Can One Person Make a Difference?
Can we really do something to help kids—kids in foster care, kids in the throes of adolescence, the kids next door?
I mean, really. Can one person make much of a difference?
One is where we start: one young person, and one caring adult.
We're already helping, just by paying our federal income taxes. A tiny share—a fraction of a penny per dollar (in 2004, at presstime)—goes to a $45 million federal program offering Education Training Vouchers (ETVs). Child welfare departments in each state can alert teenagers in foster care about ETVs. As they graduate from high school, these teens can apply for vouchers and get up to $5,000 per year to help with their education.
Do the ETVs help? Here is what I saw in early May (2004): In one of those wood-paneled, slightly stuffy committee rooms in the Dirksen Senate Office Building, Connect for Kids co-hosted the first-ever meeting of the National Foster Youth Advisory Council.
The foster youth there, now young adults, had traversed a challenging childhood. Some had been homeless, living in cars, just a few years earlier. But now, here they were among the powerful: bright, funny, and irreverent. They had come to Capitol Hill to celebrate this new council and to remind Congress that yes, good legislation can make a difference.
The youth described the difference the vouchers had made in their lives. Because of ETVs, a girl in Nevada was able to go to community college; a boy in Texas was able to buy a computer to help him with his job; a boy in Maine was able to go to college and now lobbies his state legislature for better, smarter support for foster youth. The ETVs provided essential financial support as they pursued their careers and their dreams. There was no one else to help them—but all of us.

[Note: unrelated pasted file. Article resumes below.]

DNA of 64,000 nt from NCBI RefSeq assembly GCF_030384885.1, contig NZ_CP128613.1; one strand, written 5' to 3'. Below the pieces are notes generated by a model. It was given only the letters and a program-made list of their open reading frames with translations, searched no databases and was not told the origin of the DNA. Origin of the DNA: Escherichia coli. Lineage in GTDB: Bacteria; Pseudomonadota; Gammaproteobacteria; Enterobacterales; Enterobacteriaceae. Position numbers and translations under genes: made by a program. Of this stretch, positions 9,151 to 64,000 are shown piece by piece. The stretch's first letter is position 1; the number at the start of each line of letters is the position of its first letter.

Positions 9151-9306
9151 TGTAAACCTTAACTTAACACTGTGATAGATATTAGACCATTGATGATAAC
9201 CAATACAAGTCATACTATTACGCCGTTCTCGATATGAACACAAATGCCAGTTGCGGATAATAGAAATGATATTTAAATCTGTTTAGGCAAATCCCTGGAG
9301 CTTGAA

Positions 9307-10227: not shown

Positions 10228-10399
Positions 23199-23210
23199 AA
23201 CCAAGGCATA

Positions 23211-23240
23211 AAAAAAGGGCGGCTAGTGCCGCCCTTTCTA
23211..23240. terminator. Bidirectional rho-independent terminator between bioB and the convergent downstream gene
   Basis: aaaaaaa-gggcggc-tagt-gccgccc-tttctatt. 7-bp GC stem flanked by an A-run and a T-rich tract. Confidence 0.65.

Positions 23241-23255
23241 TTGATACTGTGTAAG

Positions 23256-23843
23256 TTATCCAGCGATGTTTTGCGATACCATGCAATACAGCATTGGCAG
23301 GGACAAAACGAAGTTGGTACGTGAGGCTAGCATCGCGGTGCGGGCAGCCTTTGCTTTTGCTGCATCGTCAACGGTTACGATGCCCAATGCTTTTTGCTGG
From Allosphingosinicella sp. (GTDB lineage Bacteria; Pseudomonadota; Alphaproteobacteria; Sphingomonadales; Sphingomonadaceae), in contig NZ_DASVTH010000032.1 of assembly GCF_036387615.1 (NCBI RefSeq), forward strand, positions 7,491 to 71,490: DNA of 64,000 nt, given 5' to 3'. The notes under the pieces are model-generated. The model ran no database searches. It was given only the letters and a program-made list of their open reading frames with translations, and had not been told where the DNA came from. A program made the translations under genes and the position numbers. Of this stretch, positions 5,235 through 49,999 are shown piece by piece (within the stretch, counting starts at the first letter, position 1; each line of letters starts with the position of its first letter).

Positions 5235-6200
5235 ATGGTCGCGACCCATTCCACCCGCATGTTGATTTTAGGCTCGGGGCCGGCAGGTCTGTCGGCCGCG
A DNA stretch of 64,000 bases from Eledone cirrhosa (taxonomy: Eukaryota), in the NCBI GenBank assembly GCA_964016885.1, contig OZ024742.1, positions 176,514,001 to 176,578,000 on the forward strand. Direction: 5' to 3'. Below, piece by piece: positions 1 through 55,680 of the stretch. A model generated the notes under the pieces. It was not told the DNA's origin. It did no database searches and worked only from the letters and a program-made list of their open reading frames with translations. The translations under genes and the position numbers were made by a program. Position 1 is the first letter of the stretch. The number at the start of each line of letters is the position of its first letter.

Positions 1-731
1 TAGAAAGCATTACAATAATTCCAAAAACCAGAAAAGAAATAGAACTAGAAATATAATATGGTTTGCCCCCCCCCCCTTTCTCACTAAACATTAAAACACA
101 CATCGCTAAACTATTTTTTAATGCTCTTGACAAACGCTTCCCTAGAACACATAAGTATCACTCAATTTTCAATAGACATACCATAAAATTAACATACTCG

When the message comes in to write Congress to fight for kids' programs —and we do write, and they do pass legislation—it does matter. It means that kids like these articulate, inspiring young people get a chance.
This year, be sure to celebrate at least those few cents from the taxes you paid that went to this program—because to someone, that became a lifeline.
Can we help much once our own children become teenagers?
A middle school counselor visited my elementary school PTA last month. Stay involved, she urged the parents. The kids are going through so much change; they need you.
Yes, the counselor acknowledged, they do push you away. But they need you. Be there.
It seems that science is on her side. The May 10 (2004) issue of TIME had a cover story, "Secrets of the Teen Brain." The coverage included a list of "Rules for Parents," adapted from the work of author Laurence Steinberg. Among the rules: "What you do matters" and "You can't be too loving" and "Stay involved."
CFK (now SparkAction) recognizes that staying involved means supporting kids all the way to adulthood so that they can make it to successful jobs and lives. Too many struggle through adolescence with too few supports to help them stay on track. And those that slip up find themselves without a second chance to get the education and skills they need to become productive adults. This year, we are determining how we in the child advocacy community can more persuasively communicate on behalf of those youth in transition from teenage years to adulthood.
It takes us about a third of our lives to reach self-sufficient adulthood— and that means we then have twice as long to be valuable and productive. We need to embrace staying connected with youth, even those prickly teenagers, because they need us. (And we need them.)
Actually, I feel rather relieved. I look at my young daughter frolicking in the park (with the millions of cicadas here in the Washington, DC area), and I am relieved to have "permission" to push a little, with care, to stay deeply involved as she grows up. I know I'll need others to help me during the tough teenage days and years ahead. But, I don't want to miss her adventure. I want to be there for her.
And we can be there. Each one of us, taking one action to help one child—with a letter, with a few cents of taxes, with time. By ourselves and together.
That's why we are connecting for kids. All kids, not just our own.
Kate Mattos serves as Communications Counsel for the National Education Association (NEA) and as occasional Adjunct Professor at American University's School of Communications. A mother herself, Mattos believes that it is important for communities come together to help families and children succeed.